Dare to Eat a Peach, Wrapped in Prosciutto or Paired with Prosecco


“Do I dare to eat a peach?” The question T.S. Eliot poses in “The Love Song of J. Alfred Prufrock” is one I often ask myself. With a peach there’s always a risk: Will it be a luscious, nectar-filled soft bite of pure summer, or will it be a bitter, sad parody of hope and expectation?

This week, picking up a peach at one of NYC’s farmers’ markets is a dare well worth taking. Every variety is ripe and perfect. From fat squat donuts, to glorious blush-colored whites. Just smell one. Lightly touch the soft fuzz of skin and feel the flesh gently give, and you know you’re in for one of the quintessential great treats of summer.

“We’ve had them a couple of weeks, and at this point, they’re just about perfect,” says John Donahue of John Middleton Farms.

“Personally, I can’t help just eating them straight away, but if you want to buy some today to eat over the week, then you can find a firmer one, and control how quickly it ripens. If you want it to ripen fast, leave it in a paper bag on the window sill. The gas it lets off stays in the bag, and that speeds up the ripening. You want it to ripen up slower? Then just leave it on the counter,” Donahue advises.

The best news? “Most of what we have is ready to eat right now,” Donahue adds.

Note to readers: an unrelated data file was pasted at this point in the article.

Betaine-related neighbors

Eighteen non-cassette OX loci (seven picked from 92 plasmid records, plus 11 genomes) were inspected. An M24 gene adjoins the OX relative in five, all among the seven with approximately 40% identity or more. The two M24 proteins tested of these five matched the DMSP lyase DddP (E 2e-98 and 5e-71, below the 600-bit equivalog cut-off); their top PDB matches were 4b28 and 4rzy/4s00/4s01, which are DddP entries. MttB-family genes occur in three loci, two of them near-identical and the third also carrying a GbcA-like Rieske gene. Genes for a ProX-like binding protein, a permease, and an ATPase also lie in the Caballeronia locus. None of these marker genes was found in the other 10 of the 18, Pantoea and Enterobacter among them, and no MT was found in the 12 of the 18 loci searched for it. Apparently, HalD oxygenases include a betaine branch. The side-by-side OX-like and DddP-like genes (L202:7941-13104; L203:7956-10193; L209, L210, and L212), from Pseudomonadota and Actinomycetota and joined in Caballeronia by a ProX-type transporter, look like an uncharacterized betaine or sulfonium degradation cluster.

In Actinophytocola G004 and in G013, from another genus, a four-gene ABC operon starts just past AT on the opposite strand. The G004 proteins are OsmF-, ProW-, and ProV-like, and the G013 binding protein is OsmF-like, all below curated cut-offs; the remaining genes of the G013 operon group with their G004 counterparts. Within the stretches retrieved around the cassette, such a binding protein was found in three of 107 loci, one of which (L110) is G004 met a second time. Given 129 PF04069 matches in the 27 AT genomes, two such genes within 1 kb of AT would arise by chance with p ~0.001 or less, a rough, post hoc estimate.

It’s hard to beat a fresh peach, just the way it is, but when there’s a glut, and when you’re ready to diversify, here are a few ideas:

  • Quick pickled, sliced into a jar of white wine vinegar, a teaspoon of sugar, half a teaspoon of salt and a few pink peppercorns, and left for an hour or two. Pickled peaches and a pulled pork sandwich? Yes, please.
  • Chopped into a roast chicken salad, with cucumber, celery, dill and a dressing of lemon juice and yogurt.
  • Nested on a goat-cheese topped bruschetta, drizzled with a touch of honey, scattered with thyme leaves, and broiled. Finished with plenty of cracked black pepper.
  • Wrapped in slices of Parma ham, or, on similar lines, in a herby green salad, with Parma ham and fresh ricotta, dressed with aged balsamic and extra virgin olive oil.
  • On pizza with ricotta, lardons, black olives.
  • Halved, pitted, topped with a crumble made with almond flour, and roasted. Serve with a dollop of vanilla ice cream.
  • Frozen into ice cream: stir a cup of pureed peaches into a cup of condensed milk. Fold in a cup of whipped cream, then freeze into a no-churn ice cream — a splash of amaretto, a handful or two of amaretti biscuit crumbs make great additions. Or use the puree to make the freshest bellinis in town — just add prosecco.